Buffalo Soldiers Motorcycle Club Hosts Convention in Hampton, Spreading Underrecognized Story and Helping Others – Daily Press

When Ken Thomas was a police officer in Chicago, he received a call to come to a housing project apartment for a wellness check. There, he and his companion discovered two young children, but their mother was missing.

The mother came in about 20 minutes later and they discovered she was on an upper floor of the building and was planning to kill herself, Thomas said.

Thomas and his partner did their best to convince her not to, pointing out the things she had to live for, like her children. Then, a year later, he saw her again. She was much better and he said she said to him, “Officer Thomas, you are my dream maker.”

The nickname “Dream Maker” stuck. That’s what Thomas continues to experience at the mostly black motorcycle club he founded about 30 years ago, which now has 113 chapters in 38 states.

That organization, the National Association of Buffalo Soldiers & Troopers Motorcycle Club, held its annual convention in Hampton this week.

Helping others is central to the club’s mission, Thomas said in an interview on Saturday. They also aim to tell the story of the Buffalo Soldiers, black members of the American cavalry who protected the west as the country expanded, beginning in 1866.

Club members come from a wide range of professions and have an average age of around 63.

“I’m so proud of these people,” Thomas said. “This organization has given these mature people something to do. It gave them a reason to live.

Nathan “Motown” Mack, the current president, rode his motorcycle for three days, including 18 hours in the rain, from El Paso to the convention. He said the club chose Hampton because of the needs of the community. This is one of the determining factors in their decision to choose a venue each year.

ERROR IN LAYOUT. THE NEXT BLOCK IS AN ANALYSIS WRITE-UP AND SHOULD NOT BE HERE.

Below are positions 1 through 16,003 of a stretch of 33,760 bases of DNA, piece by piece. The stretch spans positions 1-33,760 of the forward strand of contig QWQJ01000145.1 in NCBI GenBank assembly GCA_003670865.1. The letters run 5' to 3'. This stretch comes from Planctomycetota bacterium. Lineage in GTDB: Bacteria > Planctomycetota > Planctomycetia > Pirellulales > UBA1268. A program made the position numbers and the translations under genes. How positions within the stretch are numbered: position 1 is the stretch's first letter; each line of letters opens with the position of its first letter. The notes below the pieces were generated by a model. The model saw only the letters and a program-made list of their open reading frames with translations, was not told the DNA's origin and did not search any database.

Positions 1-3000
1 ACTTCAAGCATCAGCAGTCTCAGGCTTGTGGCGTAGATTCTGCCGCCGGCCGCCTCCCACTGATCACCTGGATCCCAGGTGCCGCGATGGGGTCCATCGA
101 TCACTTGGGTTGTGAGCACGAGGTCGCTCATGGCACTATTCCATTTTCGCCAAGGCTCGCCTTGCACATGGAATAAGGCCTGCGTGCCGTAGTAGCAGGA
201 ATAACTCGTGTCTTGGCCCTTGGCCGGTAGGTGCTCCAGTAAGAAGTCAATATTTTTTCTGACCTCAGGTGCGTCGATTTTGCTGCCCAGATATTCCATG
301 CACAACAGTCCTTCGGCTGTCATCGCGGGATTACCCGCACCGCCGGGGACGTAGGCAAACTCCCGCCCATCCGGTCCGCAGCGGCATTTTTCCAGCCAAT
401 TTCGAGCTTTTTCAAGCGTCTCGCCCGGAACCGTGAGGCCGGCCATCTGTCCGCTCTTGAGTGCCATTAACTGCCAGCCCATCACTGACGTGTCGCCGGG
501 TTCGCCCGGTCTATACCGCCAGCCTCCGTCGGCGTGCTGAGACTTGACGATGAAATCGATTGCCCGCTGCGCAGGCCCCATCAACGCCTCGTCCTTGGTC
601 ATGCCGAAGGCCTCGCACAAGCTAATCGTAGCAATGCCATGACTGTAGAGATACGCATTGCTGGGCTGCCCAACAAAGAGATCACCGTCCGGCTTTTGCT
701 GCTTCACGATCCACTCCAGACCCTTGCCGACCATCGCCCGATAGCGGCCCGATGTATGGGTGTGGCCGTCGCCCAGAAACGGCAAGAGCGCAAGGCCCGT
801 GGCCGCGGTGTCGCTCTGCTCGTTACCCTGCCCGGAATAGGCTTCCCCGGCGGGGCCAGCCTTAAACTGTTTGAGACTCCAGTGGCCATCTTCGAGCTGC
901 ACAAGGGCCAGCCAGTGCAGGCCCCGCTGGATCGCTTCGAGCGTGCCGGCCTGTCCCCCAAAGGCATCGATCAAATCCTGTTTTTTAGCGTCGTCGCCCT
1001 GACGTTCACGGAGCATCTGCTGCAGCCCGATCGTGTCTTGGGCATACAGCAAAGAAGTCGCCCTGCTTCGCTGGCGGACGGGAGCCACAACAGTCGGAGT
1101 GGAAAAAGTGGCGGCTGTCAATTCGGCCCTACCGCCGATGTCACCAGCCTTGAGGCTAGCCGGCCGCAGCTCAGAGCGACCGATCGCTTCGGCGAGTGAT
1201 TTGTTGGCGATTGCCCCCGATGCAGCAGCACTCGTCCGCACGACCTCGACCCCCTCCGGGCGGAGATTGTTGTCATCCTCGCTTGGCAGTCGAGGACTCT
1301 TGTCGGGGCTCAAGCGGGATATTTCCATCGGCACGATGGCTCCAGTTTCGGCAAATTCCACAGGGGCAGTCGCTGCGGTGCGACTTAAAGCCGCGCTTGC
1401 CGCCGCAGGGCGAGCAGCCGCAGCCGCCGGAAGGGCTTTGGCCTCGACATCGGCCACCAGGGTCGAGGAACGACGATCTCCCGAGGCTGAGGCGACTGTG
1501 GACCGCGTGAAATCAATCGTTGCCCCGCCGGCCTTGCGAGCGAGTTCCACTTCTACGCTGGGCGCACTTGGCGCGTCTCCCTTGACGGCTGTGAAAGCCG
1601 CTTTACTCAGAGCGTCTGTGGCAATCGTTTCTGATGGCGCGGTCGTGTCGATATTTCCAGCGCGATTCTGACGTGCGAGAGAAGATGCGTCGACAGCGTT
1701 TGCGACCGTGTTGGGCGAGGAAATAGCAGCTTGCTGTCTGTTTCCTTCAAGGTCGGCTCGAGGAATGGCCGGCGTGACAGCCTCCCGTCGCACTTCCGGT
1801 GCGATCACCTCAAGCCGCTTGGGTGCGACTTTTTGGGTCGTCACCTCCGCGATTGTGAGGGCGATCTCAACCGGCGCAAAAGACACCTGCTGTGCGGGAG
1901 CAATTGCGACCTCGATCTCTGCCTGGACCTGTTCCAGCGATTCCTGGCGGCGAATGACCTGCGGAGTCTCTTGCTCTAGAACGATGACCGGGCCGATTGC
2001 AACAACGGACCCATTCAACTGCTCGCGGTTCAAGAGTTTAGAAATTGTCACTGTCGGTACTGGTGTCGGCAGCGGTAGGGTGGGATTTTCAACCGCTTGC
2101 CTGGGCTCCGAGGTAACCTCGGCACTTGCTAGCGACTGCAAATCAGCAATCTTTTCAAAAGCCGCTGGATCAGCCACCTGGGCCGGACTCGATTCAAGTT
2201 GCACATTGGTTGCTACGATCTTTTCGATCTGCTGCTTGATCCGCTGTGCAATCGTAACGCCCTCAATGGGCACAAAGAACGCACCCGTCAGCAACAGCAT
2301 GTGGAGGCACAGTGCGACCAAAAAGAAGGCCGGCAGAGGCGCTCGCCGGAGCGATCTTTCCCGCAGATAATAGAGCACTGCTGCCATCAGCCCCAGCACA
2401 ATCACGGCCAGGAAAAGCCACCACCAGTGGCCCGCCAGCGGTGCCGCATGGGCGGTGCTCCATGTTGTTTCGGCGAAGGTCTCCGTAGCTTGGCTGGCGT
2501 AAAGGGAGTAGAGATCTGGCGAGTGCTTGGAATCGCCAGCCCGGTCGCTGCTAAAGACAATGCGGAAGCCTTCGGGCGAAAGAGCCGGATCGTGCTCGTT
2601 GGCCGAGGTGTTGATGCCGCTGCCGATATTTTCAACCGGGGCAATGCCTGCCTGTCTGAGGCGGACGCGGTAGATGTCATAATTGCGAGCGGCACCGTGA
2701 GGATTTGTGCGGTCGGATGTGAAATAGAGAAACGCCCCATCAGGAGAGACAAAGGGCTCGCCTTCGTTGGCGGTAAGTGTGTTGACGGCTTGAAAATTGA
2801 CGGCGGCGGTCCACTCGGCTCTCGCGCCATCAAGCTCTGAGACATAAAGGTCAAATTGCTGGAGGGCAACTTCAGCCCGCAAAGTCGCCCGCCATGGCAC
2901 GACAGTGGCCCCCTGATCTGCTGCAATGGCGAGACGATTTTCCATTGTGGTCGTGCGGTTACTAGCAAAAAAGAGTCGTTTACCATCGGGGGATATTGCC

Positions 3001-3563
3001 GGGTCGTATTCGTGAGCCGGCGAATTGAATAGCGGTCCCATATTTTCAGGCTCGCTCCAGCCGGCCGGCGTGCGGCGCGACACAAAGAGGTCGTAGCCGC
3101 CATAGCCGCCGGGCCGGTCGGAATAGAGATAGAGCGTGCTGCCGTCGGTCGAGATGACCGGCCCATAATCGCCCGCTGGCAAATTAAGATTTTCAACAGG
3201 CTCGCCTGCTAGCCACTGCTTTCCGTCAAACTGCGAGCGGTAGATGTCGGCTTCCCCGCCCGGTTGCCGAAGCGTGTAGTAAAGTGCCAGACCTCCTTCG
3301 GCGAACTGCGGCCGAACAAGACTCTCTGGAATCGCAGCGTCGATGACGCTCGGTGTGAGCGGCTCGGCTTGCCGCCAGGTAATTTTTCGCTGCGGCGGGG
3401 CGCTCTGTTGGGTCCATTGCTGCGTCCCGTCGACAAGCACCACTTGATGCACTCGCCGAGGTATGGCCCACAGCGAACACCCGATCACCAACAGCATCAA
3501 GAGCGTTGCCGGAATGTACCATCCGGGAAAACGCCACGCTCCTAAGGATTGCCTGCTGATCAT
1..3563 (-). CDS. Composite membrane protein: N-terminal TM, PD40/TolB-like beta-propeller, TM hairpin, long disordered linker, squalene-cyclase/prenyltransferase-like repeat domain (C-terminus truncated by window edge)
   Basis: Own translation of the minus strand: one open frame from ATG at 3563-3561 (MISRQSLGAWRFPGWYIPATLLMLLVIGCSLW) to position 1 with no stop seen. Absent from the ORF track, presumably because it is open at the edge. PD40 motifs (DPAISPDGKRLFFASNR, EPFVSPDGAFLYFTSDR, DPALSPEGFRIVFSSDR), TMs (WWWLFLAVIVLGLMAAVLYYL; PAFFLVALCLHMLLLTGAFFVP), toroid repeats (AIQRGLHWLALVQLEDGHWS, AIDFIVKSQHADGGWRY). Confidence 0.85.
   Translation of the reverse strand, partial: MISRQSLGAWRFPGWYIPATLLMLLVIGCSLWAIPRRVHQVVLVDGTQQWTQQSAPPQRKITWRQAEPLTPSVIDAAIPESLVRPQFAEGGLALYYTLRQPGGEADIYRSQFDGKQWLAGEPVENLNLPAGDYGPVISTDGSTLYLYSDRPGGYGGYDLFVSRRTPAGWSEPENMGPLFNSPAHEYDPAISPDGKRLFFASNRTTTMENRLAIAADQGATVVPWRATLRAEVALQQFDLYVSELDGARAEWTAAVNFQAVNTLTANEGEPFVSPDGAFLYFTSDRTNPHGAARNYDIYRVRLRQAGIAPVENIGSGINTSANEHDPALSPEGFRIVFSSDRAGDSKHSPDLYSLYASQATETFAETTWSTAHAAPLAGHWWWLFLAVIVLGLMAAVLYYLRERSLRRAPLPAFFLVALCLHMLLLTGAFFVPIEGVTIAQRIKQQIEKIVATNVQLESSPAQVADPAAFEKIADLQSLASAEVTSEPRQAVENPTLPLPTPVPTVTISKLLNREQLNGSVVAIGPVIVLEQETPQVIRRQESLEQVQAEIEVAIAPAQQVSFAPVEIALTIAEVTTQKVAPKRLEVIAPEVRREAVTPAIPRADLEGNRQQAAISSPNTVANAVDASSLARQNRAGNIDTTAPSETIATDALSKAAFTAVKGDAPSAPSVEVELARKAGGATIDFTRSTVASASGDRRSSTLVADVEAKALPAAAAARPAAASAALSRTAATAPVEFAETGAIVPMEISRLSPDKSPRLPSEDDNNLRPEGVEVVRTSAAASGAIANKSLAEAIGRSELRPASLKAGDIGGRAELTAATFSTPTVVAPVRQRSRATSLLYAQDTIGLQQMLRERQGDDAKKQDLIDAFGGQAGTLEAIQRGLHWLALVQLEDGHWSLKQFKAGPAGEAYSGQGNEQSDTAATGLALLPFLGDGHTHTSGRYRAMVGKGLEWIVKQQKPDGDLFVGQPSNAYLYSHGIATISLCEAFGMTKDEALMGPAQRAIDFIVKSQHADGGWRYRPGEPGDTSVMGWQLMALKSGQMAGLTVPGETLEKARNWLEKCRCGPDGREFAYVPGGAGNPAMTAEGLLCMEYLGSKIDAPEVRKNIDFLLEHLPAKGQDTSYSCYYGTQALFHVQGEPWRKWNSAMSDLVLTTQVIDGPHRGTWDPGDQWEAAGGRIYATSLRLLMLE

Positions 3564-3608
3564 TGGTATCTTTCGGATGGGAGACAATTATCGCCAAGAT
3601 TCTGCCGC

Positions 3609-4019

“We’re just here to help in any way we can,” he said.

More than 1,500 of the several thousand club members have signed up for the Hampton Convention. They delivered food to residents of Bay Creek Apartments, a low-income housing complex. They also donated $10,000 to the Virginia Peninsula Food Bank.

The Buffalo Soldiers also traveled to the Newport News Youth Detention Center to speak with minors as part of a 21-day program. Mack, who said he grew up without a mother or father and was the first in his family to graduate from high school, said he was talking about making good choices and doing the right thing.

They also distributed more than 550 book bags filled with pens, paper and other supplies, Mack said.

When Mack isn’t running a motorcycle club, he’s writing contracts for the military. He became involved with the group 15 years ago and says he was drawn to its positive mission and wanted to give back.

The Buffalo Soldiers name was chosen to keep a largely untold story alive. The soldiers were paid less than their white counterparts and their equipment was in worse condition, Mack said.

When a new member joins, they need to find out about one of the Buffalo Soldiers, said Lawrence “Captain Hook” Van Hook, the national chaplain. And they name a toy buffalo or a bugle after the person they have chosen.

But the story is complicated by the fact that the Buffalo Soldiers fought the Native Americans.

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“They just did as they were told” and carried out government orders, Mack said. It wasn’t “something they all wanted to do, [but] something they had to do.

Anyone of any race is welcome, Mack said. The club is also active in Germany, where there is interest as the Buffalo Soldiers served there during World War II.

Faith is also important for the group. Among the membership are many ministers and deacons who have to miss Sunday services as they return home, Mack said. So on Saturday morning, the last scheduled day of the convention, they held a Blessing of the Bike on the grounds of the Hampton Roads Convention Center.

“We just want to bless you all on your travels,” Van Hook said.

Hampton Mayor Donnie Tuck, who was there to deliver a proclamation, thanked them for their impact on the community during convention.

“We love having you here,” he said.

Noble Brigham, [email protected]

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